Livestock production systems

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About this Collection

Livestock production systems

A spatially disaggregated global livestock dataset containing information on biomass use, production, feed efficiency, excretion, and greenhouse gas emissions for 28 world regions, 8 livestock production systems, 4 animal species (cattle, small ruminants, pigs, and poultry), and 3 livestock products (milk, meat, and eggs) for the year 2000. The da... more

Animal Production not elsewhere classified Crop and Pasture Biomass and Bioproducts Environmental Impact Assessment

01 Jan 2000

31 Dec 2000

CSIRO Enquiries
1300 363 400

Global Change Sustainability GHG emissions Land Use




Herrero et al. 2013.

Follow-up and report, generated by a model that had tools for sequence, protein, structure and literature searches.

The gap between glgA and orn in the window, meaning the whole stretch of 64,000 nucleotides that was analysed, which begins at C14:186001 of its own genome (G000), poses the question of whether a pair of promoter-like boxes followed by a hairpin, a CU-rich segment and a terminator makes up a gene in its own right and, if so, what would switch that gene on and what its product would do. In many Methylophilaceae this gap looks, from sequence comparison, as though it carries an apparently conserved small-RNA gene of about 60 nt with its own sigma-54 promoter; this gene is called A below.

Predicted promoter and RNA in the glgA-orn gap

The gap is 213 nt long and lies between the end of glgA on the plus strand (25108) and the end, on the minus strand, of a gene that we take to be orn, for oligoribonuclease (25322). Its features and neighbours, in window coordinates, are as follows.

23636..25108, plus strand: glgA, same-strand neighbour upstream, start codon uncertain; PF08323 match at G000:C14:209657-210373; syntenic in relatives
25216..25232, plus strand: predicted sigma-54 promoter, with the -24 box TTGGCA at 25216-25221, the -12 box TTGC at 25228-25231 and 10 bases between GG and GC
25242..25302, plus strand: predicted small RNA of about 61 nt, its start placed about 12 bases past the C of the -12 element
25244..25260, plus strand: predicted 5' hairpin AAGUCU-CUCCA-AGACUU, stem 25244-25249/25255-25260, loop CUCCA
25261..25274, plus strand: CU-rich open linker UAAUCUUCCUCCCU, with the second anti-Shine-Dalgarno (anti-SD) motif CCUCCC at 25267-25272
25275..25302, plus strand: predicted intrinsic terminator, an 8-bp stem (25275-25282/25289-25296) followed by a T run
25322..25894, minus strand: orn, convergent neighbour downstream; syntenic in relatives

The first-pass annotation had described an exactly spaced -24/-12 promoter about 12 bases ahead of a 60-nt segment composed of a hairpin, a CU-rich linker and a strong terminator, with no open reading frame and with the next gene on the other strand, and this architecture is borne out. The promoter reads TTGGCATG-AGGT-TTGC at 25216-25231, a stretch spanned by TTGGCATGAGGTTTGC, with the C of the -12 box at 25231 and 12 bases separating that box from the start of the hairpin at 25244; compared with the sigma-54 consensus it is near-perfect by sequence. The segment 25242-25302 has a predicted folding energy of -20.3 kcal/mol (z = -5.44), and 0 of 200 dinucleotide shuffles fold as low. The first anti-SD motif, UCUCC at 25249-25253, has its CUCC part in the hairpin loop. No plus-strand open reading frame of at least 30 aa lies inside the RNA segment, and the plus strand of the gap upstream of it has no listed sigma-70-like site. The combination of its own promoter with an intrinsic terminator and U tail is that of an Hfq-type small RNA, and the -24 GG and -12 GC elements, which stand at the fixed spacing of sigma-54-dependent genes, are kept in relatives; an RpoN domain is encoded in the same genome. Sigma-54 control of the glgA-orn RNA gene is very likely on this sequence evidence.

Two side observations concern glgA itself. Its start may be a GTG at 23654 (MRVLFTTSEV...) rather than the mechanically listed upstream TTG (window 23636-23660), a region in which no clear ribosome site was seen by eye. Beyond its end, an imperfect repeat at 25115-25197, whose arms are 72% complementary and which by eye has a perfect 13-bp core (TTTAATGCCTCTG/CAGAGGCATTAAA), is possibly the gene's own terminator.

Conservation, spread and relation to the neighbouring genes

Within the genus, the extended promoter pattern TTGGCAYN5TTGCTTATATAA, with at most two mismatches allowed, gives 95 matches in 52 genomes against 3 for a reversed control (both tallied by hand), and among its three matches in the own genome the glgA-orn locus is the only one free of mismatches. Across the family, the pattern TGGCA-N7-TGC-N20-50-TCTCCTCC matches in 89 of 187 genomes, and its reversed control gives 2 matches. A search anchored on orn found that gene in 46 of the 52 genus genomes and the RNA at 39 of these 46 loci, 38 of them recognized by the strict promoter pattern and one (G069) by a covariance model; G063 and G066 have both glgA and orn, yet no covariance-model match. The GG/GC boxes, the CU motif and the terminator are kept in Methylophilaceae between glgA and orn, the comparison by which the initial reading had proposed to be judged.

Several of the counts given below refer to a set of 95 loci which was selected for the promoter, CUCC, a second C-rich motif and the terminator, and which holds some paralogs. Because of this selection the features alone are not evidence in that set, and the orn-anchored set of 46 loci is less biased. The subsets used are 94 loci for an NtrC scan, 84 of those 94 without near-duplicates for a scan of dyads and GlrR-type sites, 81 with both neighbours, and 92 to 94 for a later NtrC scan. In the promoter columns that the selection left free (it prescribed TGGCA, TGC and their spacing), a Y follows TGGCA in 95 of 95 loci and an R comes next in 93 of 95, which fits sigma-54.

A livestock systems classification updated by Robinson et al (2011) was used as the starting point. It is based on agro-ecological differentiation (arid, humid and temperate/tropical highland areas), which helps in establishing the composition of diets for animals in different regions and agro-agroecologies and in the future to elicit the impacts that climate change might have on feed resources and land use. We differentiated 8 different types of livestock systems in 28 geographical regions of the world for this study. Numbers of animals for each of these systems and regions were estimated using the data of Wint and Robinson (2007) for the year 2000. For ruminants (cattle, sheep and goats), we disaggregated the dairy and beef cattle herds using livestock demographic data for total cattle, sheep and goats and the dairy females for each species, respectively, from FAOSTAT. We used herd dynamics models parameterised for each region and production system using reproduction and mortality rates obtained from extensive literature reviews to estimate herd composition. For monogastrics (pigs and poultry), we only differentiated two systems: smallholder and industrial production systems. The allocation of poultry, eggs and pork production was done on the basis of knowledge of the total product output from these two systems from national information from selected countries in the different regions, applied to the respective region. Biomass consumption and productivity estimations from different species in each region and system followed a three stage process. First, feed availability of four main types of feeds (grass, crop residues, grains, occasional feeds) was estimated using hybrid maps of grassland productivity and EPIC model output (Havlik et al 2013) for humid and temperate regions of the world. Crop residue availability was estimated using the SPAM cropland layers (You et al 2014) and coefficients of stover use for animal feeding and harvest indexes for different parts of the world. Grain availability for animal production was taken from the FAO Commodity balance sheets and the availability of occasional feeds like cut and carry grasses and legumes was obtained from literature reviews. The second step consisted of developing feasible diets for each species in each region and production system. The proportions of each feed in the diet of each species was obtained from extensive information available in the literature and from databases and feeding practice surveys at key research centres in the world (i.e. FAO, ILRI). Data on feed quality was obtained from the databases containing regional feed composition data for each feed (Herrero et al 2008). The third step consisted of estimating productivity. For ruminants, the information on the quantity and quality of the different feeds was then used to parameterise an IPCC tier 3 digestion and metabolism model (RUMINANT, Herrero et al 2002), as described in Herrero et al (2008) and Thornton and Herrero (2010). The model estimated productivity (milk, meat), methane emissions and manure and nitrogen excretion. For monogastrics, information on feed quality was used to estimate feed intake, productivity and feed use efficiency using standard nutrient requirements guidelines (NRC 2008). The estimation of methane and nitrous oxide emissions from manure, and of nitrous oxide from pastures followed an IPCC tier 2 approach, for each species, system and region. Further details are available in the Supplementary Information of Herrero et al. 2013. All information on animal production (bovine milk, bovine meat, sheep and goat milk, sheep and goat meat, pork, poultry and eggs) and for grains as feed was harmonised with FAOSTAT’s commodity balance sheets at national level following an iterative procedure restricted to deviate +/- 20% from the statistical data in FAOSTAT. The size of the collection is 1.32 GB, 192 zip files.